|a 4-mile-long bridge spans the Columbia|
Bridges were a main focus of this off-the-cuff trip. I read about the Astoria-Megler bridge, which is the longest continuous truss bridge in North America, spanning the great Columbia River, and decided that I ought to go see it.
I also found out about the Grays River bridge, the only covered bridge left in the state. It was right along my way!
The last couple years I lived in Michigan, I lived near a rather long covered bridge. It was nice to see another one.
Just yesterday I came across a really wonderful old map of the very area covered in this trip, published by the Automobile Club of Washington in 1941. I've highlighted certain travelled parts, and it's interesting to see how much of the infrastructure we enjoy now didn't exist then. The Columbia River bridge hadn't been built yet, and neither had part of the road clinging to the edge of the river leading up to it. It was proposed at the time, but took more than a few years after this map was printed to actually be built. Most of the highway numbers are also different now.
I wasn't able to get the best photos of the bridge due to a typical early summer haze on a hot day (for the Pacific Northwest, at least, it was over 70°F)
The Oregon side has the most famous and picturesque part of the bridge, but we have a rather nice section in Washington territory.
There was also a view of Mount Saint Helens.
Here is a closer look at the bridge from the Astoria waterfront.
I travelled further south until I got to Gearhart where I pulled off at a lovely beach park. In Washington, we don't typically have sand dunes and grass like this, so it reminded me of Lake Michigan.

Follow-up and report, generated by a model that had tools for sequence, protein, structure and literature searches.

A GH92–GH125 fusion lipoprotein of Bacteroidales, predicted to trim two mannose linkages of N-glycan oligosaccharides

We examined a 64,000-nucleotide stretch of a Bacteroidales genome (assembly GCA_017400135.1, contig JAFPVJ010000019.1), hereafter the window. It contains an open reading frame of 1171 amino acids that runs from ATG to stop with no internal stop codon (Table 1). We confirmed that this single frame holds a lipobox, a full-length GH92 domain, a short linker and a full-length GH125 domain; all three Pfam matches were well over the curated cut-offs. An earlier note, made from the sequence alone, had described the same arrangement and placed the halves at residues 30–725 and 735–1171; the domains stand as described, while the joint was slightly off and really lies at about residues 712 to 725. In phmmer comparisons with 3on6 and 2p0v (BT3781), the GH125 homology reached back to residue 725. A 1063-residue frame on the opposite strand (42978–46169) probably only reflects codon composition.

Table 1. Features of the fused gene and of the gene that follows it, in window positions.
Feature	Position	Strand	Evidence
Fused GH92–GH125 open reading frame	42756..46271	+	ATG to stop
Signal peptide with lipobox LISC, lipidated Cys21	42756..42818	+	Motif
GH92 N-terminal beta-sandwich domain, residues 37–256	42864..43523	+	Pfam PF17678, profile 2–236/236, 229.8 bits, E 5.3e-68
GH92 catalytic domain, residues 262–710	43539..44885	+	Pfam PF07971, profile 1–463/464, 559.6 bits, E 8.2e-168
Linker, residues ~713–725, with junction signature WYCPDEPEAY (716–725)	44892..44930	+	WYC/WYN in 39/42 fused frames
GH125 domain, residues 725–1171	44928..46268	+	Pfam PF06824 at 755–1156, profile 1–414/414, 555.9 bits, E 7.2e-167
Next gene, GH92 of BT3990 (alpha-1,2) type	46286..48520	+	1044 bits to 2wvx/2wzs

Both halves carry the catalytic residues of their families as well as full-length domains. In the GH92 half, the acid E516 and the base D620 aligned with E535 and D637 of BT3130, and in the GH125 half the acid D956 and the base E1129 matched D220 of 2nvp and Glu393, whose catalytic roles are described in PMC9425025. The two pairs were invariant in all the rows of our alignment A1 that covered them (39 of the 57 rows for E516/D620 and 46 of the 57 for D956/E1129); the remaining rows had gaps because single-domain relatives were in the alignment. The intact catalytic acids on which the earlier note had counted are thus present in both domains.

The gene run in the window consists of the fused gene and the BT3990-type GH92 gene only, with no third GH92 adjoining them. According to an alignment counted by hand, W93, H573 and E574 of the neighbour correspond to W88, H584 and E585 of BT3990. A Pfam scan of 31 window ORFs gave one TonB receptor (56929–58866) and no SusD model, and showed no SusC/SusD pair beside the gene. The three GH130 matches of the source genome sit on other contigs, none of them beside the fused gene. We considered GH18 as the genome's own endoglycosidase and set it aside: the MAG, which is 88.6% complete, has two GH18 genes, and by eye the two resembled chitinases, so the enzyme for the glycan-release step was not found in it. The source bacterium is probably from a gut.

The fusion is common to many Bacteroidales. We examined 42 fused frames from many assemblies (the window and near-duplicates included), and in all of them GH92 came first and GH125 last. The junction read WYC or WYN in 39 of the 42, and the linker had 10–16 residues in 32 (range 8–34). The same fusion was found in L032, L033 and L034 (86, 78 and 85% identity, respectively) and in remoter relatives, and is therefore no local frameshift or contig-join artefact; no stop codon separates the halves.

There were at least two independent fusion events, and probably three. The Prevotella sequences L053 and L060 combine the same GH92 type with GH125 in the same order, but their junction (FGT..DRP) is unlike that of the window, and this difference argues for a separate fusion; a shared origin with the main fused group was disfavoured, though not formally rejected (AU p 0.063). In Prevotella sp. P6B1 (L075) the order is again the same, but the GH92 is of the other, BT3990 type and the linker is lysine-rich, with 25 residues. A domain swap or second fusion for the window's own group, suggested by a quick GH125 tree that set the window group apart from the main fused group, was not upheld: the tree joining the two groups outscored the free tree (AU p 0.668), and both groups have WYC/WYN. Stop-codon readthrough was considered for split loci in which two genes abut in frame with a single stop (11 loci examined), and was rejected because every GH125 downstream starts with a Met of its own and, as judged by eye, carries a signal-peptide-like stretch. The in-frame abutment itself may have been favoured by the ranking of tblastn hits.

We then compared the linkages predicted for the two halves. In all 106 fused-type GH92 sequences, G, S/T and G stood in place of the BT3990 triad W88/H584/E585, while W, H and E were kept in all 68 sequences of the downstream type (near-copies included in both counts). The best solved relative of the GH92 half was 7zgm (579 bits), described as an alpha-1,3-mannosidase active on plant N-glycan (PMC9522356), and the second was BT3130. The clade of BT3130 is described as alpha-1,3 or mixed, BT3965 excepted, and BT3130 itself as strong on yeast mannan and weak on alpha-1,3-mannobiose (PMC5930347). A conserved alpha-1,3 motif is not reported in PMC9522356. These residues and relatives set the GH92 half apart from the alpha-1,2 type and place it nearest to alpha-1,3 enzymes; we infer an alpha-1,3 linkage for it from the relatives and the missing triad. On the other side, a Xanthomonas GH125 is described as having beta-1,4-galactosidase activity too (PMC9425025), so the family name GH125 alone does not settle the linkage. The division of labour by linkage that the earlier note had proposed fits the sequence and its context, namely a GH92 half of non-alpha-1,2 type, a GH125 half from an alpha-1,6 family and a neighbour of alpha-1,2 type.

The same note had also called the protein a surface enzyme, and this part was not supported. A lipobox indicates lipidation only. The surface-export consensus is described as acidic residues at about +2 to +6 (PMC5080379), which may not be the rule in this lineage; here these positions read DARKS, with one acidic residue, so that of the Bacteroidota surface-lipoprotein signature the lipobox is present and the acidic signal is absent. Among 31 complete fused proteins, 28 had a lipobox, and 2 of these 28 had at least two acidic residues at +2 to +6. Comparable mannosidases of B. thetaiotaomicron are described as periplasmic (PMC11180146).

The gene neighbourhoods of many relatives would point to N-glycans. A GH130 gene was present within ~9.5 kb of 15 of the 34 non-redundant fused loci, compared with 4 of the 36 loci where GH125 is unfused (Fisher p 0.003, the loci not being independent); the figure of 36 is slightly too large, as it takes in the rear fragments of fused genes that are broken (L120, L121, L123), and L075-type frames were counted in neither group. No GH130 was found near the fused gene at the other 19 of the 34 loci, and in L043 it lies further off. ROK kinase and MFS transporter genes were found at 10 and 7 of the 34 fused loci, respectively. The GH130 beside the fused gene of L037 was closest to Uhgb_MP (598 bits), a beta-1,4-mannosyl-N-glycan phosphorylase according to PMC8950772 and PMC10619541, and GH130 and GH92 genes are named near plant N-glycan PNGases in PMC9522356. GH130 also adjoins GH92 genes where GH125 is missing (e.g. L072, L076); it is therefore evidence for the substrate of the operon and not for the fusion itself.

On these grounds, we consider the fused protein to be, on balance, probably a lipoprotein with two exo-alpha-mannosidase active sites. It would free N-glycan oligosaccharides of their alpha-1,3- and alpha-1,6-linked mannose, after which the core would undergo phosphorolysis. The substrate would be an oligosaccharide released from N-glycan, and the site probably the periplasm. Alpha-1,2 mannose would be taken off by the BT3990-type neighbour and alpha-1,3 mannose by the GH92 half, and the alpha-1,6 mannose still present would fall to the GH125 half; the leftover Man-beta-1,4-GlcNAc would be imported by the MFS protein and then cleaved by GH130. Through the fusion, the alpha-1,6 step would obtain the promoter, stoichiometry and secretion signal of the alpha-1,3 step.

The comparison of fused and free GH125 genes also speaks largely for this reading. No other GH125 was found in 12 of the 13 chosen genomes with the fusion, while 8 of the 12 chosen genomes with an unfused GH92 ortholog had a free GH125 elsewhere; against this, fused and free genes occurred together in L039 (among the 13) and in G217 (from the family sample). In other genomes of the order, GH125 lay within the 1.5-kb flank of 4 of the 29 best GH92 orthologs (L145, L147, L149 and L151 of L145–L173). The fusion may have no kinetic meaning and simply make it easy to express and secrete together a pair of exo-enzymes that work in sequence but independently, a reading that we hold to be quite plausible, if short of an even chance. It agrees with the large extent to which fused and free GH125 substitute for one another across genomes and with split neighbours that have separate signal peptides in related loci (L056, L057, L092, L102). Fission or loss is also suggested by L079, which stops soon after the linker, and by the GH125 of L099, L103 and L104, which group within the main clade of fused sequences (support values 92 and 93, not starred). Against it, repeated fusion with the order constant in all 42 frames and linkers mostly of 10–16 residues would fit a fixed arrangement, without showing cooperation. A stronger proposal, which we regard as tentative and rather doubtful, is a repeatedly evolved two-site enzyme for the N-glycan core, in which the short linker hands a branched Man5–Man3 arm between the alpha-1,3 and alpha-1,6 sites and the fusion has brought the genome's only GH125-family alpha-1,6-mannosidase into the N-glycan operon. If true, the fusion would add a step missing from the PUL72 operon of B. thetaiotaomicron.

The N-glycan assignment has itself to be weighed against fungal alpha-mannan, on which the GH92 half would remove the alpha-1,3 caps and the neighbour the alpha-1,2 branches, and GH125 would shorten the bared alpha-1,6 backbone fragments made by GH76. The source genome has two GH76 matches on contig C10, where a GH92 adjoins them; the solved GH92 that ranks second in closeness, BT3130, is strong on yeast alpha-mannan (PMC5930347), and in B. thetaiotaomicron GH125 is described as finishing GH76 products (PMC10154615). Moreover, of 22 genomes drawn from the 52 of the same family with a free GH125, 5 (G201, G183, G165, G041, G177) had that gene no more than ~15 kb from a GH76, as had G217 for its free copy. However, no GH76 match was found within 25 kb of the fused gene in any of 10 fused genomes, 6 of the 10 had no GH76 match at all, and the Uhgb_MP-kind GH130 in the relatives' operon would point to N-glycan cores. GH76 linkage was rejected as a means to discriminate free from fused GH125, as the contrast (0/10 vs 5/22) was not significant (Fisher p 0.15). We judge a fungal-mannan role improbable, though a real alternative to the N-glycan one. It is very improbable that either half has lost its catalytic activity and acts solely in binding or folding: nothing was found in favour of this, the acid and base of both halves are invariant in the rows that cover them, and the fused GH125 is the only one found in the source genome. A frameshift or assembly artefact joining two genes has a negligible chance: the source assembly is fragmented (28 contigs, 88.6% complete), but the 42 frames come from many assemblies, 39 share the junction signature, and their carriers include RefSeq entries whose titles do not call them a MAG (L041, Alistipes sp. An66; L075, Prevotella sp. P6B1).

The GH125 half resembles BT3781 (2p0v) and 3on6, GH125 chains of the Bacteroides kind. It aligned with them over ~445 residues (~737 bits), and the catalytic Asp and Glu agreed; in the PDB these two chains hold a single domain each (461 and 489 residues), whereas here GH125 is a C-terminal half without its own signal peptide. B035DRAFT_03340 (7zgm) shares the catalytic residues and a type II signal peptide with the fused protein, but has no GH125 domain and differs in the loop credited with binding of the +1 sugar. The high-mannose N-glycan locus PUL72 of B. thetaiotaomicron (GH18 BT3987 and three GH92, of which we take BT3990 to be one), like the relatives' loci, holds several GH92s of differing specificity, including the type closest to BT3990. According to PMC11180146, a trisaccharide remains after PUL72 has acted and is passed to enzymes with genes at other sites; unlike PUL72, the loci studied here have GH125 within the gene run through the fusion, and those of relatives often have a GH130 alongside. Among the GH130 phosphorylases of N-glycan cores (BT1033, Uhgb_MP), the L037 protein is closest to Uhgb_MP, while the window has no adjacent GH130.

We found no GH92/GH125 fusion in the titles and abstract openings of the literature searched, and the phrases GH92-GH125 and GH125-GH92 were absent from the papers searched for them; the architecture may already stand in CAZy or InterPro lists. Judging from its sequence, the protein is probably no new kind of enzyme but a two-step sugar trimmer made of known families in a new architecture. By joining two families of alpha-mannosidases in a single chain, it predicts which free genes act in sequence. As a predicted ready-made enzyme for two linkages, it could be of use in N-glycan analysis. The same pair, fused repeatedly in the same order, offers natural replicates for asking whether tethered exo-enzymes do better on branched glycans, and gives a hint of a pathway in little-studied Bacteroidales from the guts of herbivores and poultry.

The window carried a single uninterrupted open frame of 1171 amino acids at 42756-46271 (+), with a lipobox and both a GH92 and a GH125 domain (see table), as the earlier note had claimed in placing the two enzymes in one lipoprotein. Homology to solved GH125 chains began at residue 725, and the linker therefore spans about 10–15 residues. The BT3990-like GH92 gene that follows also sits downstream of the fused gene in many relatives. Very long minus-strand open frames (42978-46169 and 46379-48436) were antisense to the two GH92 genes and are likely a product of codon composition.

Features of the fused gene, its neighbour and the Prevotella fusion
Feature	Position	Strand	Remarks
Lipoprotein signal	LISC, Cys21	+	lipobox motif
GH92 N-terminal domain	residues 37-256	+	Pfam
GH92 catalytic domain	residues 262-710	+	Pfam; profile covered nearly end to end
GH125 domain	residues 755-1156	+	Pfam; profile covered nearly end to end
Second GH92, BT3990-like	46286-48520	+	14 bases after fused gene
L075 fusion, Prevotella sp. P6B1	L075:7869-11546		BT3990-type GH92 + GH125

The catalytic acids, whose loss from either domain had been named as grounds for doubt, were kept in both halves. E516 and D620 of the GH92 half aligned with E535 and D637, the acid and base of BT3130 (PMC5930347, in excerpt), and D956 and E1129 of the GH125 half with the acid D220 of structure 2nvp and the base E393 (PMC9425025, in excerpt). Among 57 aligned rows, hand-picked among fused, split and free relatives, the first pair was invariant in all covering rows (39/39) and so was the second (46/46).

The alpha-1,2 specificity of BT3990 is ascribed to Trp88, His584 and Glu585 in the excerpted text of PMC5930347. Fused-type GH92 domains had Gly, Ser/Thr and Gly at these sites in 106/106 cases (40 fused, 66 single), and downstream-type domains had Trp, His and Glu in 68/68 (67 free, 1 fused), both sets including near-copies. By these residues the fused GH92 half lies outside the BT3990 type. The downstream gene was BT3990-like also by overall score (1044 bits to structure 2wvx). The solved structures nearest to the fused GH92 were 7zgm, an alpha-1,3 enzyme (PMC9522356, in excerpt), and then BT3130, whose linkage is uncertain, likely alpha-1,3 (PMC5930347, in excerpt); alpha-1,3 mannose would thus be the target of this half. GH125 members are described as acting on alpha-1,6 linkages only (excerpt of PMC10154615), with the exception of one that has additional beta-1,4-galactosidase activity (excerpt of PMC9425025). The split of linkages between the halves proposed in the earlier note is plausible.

Tillamook Head, which shares its name with the famous dairy land. The whole area around the Columbia River mouth has a fair amount of dairy farming. The Oregon section is more "tamed", but the Washington side is a fascinating mix of forestry, big hills, and a very western atmosphere, combined with picture-perfect red barns, pastures, and a covered bridge.
After Gearhart, I drove back north again, crossing the bridge and heading along US-101. I drove through the lovely Willapa Bay wildlife refuge before getting to South Bend and Raymond, which from a distance have the look of a Scandinavian fishing village but up close look like any drab little town that's seen better days.
Driving back towards the ocean along a road which didn't exist in 1941, I got to Westport and saw its lighthouse.
You can see that the ocean has an entirely different character here just a short distance north, though there are still some grasses, it has more scrub and feels more evergreen, northern, and "Washington".
There were some lovely colors.
The lighthouse was mostly hidden by a young forest.
Unlike the sad affair that the lighthouse north of Tacoma is, this was a good, proper old lighthouse.
I then drove north to Aberdeen to see the fascinating heel-trunnion bascule bridge over the Wishkah River. (sorry, no pictures, but it's worth looking up! I was also recording a lot of video along the trip and some of my best footage is on tape rather than photos)
Aberdeen has some really fascinating infrastructure and I always love visiting the city. Aside from some interesting bridges, there is a main rail line running right through the center of town on the main street, and a delightful little 6' 6" high underpass under a rail bridge on a minor street.
I drove up into the higher elevations of the city and took a few nice pictures of the city. This section is tricky to get to, but I managed to find a nice view.
Though nothing near as exotic as Scott K's trips to Hong Kong, and honestly not even one of the more exciting trips I have documented here on my blog, I love this part of the country. It's special and hard to describe well in words or photos.
|click to view full detail|
I posted more about this map on my tumblr with a link to the full size, as well as some commentary and close-ups.